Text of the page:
We recently observed, with regard to the problem of determining whether mixed questions of law and fact are to be treated as questions of law or of fact for purposes of appellate review, that sometimes the decision "has turned on a determination that, as a matter of the sound administration of justice,
one judicial actor is better positioned than another to decide the issue in question." Miller v. Fenton, 474 U.S. 104, 114 (1985). We think that consideration relevant in the present context as well, and it argues in favor of deferential, abuse-of-discretion review. To begin with, some of the elements that bear upon whether the Government's position " was substantially justified" may be known only to the district court. Not infrequently, the question will turn upon not merely what was the law, but what was the evidence regarding the facts. By reason of settlement conferences and other pretrial activities, the district court may have insights not conveyed by the record, into such matters as whether particular evidence was worthy of being relied upon, or whether critical facts could easily have been verified by the Government. Moreover, even where the district judge's full knowledge of the factual setting can be acquired by the appellate court, that acquisition will often come at unusual expense, requiring the court to undertake the unaccustomed task of reviewing the entire record, not just to determine whether there existed the usual minimum support for the merits determination made by the factfinder below, but to determine whether urging of the opposite merits determination was substantially justified.
In some cases, such as the present one, the attorney's fee determination will involve a judgment ultimately based upon evaluation of the purely legal issue governing the litigation. It cannot be assumed, however, that de novo review of this will not require the appellate court to invest substantial additional time, since it will in any case have to grapple with the same legal issue on the merits. To the contrary, one would expect that where the Government's case is so feeble as to provide grounds for an EAJA award, there will often be (as there was here) a settlement below, or a failure to appeal from the adverse judgment. Moreover, even if there is a merits appeal, and even if it occurs simultaneously with (or goes to the same panel that entertains) the appeal from the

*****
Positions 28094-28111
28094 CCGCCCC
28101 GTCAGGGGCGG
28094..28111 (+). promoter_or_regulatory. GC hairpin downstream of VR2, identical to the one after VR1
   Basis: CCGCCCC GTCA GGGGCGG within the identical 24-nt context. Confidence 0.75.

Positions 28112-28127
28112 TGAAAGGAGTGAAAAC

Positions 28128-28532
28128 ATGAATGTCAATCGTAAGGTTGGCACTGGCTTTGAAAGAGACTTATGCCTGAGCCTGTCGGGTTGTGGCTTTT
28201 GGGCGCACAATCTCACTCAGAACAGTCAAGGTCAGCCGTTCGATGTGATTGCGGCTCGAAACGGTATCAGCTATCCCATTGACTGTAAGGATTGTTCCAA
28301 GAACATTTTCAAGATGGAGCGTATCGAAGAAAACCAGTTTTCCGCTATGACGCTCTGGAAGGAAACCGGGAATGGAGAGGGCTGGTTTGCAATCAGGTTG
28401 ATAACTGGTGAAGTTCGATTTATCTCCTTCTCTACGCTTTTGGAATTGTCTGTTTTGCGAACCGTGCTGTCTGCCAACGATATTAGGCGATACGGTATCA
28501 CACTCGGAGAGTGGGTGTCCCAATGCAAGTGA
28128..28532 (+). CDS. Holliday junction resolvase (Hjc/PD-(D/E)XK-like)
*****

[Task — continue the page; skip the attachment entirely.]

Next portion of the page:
attorney's fee award, the latter legal question will not be precisely the same as the merits: not what the law now is, but what the Government was substantially justified in believing it to have been. In all the separate-from-the-merits EAJA appeals, the investment of appellate energy will either fail to produce the normal law-clarifying benefits that come from an appellate decision on a question of law, or else will strangely distort the appellate process. The former result will obtain when (because of intervening legal decisions by this Court or by the relevant circuit itself) the law of the circuit is, at the time of the EAJA appeal, quite clear, so that the question of what the Government was substantially justified in believing it to have been is of entirely historical interest. Where, on the other hand, the law of the circuit remains unsettled at the time of the EAJA appeal, a ruling that the Government was not substantially justified in believing it to be thus-and-so would (unless there is some reason to think it has changed since) effectively establish the circuit law in a most peculiar, secondhanded fashion. Moreover, the possibility of the latter occurrence would encourage needless merits appeals by the Government, since it would know that if it does not appeal, but the victorious plaintiff appeals the denial of attorney's fees, its district-court loss on the merits can be converted into a circuit-court loss on the merits, without the opportunity for a circuit-court victory on the merits. All these untoward consequences can be substantially reduced or entirely avoided by adopting an abuse-of-discretion standard of review.
Another factor that we find significant has been described as follows by Professor Rosenberg:
"One of the 'good' reasons for conferring discretion on the trial judge is the sheer impracticability of formulating a rule of decision for the matter in issue. Many questions that arise in litigation are not amenable to regulation by rule because they involve multifarious, fleeting,
special, narrow facts that utterly resist generalization -- at least, for the time being.